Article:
Your office may wish to visit the company’s website (www.palsbuilt.com) to get a more complete description of these “PALS” modules. The units are modular home additions designed to quickly and inexpensively modify virtually any home to provide the homeowner with a specially-adapted bathroom, bedroom and living space (including a kitchenette in some models) for use by an elderly or handicapped family member in need of such accommodations. Custom modifications specific to the needs of the particular situation including sensors, grab bars, lifts, caregiver accommodations, etc. are practically endless. Rockfall recently installed the first of these units, free of charge, in the home of a disabled veteran in West Haven, CT and a second in the home of another disabled vet in Bristol, CT. Both installations are highlighted on the website, and more are in the works, including one being considered by a family living with MS and another with an elderly (94-year old) mother.
Pre-manufactured PALS modules, when coupled with the home-delivered skilled and custodial services provided by homecare agencies and medical equipment suppliers, offer very low-cost alternatives to nursing homes and other institutional providers. Essentially, they can:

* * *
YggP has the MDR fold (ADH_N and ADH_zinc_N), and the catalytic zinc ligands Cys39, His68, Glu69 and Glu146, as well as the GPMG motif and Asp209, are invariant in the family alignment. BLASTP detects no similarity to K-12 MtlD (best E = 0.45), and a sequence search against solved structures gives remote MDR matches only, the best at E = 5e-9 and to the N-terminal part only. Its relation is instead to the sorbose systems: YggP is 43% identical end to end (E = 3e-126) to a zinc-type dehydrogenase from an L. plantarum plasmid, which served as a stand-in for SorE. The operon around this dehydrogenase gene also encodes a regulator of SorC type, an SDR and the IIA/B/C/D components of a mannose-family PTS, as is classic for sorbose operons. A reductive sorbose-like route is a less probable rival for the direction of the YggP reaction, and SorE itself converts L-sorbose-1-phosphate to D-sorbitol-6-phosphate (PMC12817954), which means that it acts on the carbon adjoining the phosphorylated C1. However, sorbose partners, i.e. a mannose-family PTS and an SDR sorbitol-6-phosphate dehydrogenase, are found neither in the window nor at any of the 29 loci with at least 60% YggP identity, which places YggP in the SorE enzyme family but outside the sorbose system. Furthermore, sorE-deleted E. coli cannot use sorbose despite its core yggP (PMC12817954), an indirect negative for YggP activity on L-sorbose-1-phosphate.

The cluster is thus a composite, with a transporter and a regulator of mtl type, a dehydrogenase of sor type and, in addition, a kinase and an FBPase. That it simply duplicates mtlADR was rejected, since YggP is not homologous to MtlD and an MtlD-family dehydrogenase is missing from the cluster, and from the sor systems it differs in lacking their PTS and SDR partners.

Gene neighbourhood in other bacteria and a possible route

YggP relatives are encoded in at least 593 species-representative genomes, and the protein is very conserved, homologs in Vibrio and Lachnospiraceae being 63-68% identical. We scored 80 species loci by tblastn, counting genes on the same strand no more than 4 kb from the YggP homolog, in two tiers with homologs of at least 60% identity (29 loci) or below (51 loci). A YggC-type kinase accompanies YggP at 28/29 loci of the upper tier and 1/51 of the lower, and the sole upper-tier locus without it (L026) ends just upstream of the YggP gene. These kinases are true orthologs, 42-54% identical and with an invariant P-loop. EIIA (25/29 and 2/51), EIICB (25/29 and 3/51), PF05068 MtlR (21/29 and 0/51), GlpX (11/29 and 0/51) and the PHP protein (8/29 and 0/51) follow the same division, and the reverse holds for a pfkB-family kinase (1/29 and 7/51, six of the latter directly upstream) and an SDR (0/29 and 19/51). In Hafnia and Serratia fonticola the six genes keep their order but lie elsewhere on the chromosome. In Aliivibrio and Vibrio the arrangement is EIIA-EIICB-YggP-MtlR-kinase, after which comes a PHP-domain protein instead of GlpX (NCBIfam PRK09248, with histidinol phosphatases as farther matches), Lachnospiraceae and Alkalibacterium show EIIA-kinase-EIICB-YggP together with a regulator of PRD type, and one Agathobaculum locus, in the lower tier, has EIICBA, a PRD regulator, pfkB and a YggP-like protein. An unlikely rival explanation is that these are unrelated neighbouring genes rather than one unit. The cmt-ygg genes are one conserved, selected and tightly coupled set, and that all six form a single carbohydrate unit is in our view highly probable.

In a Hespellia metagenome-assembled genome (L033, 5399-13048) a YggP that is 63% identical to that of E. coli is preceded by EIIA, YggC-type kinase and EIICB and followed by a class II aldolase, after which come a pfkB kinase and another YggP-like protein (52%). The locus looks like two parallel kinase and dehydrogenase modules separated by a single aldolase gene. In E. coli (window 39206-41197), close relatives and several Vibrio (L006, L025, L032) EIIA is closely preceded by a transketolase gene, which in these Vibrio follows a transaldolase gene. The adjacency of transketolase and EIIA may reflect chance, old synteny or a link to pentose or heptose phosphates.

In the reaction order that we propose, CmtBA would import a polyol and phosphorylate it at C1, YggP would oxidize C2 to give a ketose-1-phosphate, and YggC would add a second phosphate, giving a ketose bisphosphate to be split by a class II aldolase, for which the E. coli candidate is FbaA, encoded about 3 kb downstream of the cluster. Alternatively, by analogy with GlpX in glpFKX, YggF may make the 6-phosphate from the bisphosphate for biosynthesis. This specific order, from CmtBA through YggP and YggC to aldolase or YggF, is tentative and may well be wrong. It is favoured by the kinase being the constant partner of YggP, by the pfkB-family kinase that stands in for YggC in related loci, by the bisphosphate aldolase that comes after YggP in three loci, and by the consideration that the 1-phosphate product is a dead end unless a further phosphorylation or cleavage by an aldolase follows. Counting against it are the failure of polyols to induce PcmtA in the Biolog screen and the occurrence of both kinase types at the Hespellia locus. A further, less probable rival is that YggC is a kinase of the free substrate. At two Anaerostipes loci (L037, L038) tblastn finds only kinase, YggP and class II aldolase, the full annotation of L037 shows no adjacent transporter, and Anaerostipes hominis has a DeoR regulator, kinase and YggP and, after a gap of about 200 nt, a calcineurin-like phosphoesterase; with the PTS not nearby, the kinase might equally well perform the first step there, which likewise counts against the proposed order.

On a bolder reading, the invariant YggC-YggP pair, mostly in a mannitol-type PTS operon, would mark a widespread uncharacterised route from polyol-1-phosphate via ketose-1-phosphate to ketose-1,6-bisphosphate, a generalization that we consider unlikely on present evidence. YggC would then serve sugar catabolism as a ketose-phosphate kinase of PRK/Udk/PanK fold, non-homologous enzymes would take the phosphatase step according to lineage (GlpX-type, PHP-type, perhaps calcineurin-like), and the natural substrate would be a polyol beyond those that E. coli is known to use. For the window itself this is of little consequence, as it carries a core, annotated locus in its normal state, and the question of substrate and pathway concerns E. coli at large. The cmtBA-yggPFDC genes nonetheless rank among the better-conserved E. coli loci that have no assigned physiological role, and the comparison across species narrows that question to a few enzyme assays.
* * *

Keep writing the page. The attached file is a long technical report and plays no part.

1. Save states millions in payments to institutional healthcare providers for Title XIX and other programs (e.g., In Connecticut alone, annual payments to institutions for long-term care exceed $1.5 Billion. Moving only 10% to a PALS unit could save the state in excess of $100 Million!);
2. Bring thousands of people home to the safety and care of their loved ones and families;
3. Be funded, in whole or in part, through various public programs currently in existence (such as the federal “Money Follows the Person” rebalancing effort)or through state and federal programs yet to be developed;
4. Create new jobs resulting from an expanded demand for homecare services as well as for services involving building, transporting, installing and maintaining the modules; and
5. Reduce the demand for 24-hour institutional care replacing it with less-expensive intermittent home-delivered healthcare related services.
I am certainly convinced that the cost of these units (amounting to a fraction of the cost of institutional care, even when you include home-delivered caregiver and equipment costs) will make PALS modules a very attractive option for many thousands of users, to scores of third-party healthcare payers, to various state and federal programs, and to organizations supporting people with disabilities.
I would very much like to arrange for a meeting at your office to discuss what we may be able to do to benefit the efforts of the State of Connecticut in reducing the burden of long-term care support currently being borne by Title XIX and other programs and are looking forward to your response. Any comments or suggestions that you or your staff may have would certainly be appreciated.
John P. Ruocco
3rd-Party Healthcare Reimbursement and Appeals
56 Belridge Rd.
Cheshire, CT 06410